Beardy circles will forever be in the folklore of this festival. However it was refreshing not to see a single one in sight as the future arrived in terms of stepping three years back. 2022 became 2019 for Beardy Folk Festival in one sense, but for the band of devotees it was the perfect reward for defying the odds twice with socially distanced stagings. This perfectly formed small event kept the flame of field gatherings flickering in September 2020 and June 2021 when all around was dictatorially hibernating. Now in a blaze of mingling, dancing and sitting where you like (not confined to Beardy circles), the hills of south Shropshire were once again cavorting to the many asides of what is loosely constructed as folk music.
Beardy Folk, the inspiration of one man supported by an incredible team, is a comprehensive three day event pivoting around thirty-six sets that tempt the dedicated listener to savouring each one up close and personal. There are the usual peripheral attractions affiliated to folk festivals across the land including those who just chill with the camaraderie. For music lovers, expect a continual stream of diverse performers proving that any budget can conjure up polished and unpolished gems.
|The Magpie Arc|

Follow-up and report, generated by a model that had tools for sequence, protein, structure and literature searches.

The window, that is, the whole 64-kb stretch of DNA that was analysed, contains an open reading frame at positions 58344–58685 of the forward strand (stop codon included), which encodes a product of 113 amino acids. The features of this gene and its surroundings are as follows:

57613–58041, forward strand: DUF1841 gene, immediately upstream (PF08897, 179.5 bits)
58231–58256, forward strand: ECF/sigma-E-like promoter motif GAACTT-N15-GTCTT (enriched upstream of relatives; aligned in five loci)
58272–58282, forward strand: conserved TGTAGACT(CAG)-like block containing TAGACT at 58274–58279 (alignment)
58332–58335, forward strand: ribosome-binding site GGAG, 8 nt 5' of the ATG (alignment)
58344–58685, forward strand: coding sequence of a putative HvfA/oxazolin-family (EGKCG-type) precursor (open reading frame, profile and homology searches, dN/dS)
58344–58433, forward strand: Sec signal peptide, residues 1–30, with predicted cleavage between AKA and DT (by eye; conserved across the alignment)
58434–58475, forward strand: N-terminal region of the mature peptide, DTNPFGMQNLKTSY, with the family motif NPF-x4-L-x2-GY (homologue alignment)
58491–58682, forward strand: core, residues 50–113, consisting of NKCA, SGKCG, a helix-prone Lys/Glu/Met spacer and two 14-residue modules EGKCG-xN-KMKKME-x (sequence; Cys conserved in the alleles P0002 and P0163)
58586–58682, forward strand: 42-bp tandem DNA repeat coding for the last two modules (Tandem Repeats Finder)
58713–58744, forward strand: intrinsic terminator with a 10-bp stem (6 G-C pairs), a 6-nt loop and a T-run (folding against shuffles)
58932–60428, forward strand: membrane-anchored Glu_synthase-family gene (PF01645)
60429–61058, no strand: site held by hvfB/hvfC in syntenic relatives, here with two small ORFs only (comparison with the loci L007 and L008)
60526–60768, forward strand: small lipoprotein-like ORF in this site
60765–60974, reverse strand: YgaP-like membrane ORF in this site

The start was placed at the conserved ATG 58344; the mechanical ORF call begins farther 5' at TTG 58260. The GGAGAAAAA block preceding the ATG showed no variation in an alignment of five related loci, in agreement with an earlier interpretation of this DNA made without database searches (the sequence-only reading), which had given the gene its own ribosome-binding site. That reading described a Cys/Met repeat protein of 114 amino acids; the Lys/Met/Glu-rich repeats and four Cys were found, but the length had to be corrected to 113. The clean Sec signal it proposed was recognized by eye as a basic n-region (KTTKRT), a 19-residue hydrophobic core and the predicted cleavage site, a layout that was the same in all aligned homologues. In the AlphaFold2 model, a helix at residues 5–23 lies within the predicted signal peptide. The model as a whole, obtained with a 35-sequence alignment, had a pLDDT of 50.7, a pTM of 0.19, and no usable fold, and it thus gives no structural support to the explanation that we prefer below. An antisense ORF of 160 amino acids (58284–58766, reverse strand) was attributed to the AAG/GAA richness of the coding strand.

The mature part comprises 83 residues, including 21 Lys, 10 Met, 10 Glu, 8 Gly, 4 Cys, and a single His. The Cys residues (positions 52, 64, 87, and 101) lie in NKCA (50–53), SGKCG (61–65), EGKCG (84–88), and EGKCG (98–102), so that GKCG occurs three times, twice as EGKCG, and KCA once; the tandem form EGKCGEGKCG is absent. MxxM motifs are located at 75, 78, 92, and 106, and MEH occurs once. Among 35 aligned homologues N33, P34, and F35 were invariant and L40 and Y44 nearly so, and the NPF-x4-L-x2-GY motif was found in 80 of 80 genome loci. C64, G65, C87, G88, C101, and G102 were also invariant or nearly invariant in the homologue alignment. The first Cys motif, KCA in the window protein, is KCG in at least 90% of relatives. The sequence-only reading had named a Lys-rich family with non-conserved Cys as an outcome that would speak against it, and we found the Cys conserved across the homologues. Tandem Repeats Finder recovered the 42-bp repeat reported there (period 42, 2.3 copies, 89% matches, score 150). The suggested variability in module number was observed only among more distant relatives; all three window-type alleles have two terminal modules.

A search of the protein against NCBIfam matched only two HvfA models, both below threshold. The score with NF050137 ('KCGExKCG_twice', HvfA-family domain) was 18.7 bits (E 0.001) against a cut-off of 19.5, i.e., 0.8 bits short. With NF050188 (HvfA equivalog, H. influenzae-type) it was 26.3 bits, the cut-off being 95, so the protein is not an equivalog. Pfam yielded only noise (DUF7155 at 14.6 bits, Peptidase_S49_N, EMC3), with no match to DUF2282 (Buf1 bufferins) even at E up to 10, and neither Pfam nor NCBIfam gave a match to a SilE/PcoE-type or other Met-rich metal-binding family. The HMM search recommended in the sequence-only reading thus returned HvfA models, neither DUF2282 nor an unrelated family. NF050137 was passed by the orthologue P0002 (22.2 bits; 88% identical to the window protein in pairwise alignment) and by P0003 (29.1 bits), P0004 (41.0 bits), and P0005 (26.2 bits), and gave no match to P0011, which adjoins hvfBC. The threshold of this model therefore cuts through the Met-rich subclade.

The hilly extremes of western England in the early summer month of mid-June are always going to tease the weather watchers. In a mischievous way, the weather gods decided to toy with folks this year, delivering hot sunshine alongside a halving of the temperature in a rain fuelled follow up that tested the resolve. On a brighter note better weather is always just around the corner and things cleared up to resume focus back on the positives.
Folk styles came in many forms across the weekend. Traditional and contemporary; tunes and song; instrumental and unaccompanied; original and cover; sub-genre and no idea what genre; seriously political and down right comedic, all rubbed shoulders from a guest list likely emanating from four corners of the British Isles. Pioneering solo performers followed those preferring a band accompaniment without a smidgeon of ego in sight. Egalitarianism reigns supreme, both in the artist and audience fraternity. Some will no doubt just make a fleeting visit to Hopton Wafers, others heed the call to return, not unknown to be more than once. The same goes for the audience as no doubt seasoned five-year regulars provide a solid base for those who flit in or out on an annual basis. One significant pulling point for Beardy Folk is that its timed staging is outside the high summer festival scrum.
So where do we start with what artists floated the personal boat? The temptation is to give every one seen a glowing review as they all excelled in their own way. Practically it is easier to précis and offer some subjective assessment on a selection reverberating around the familiar and the newly discovered.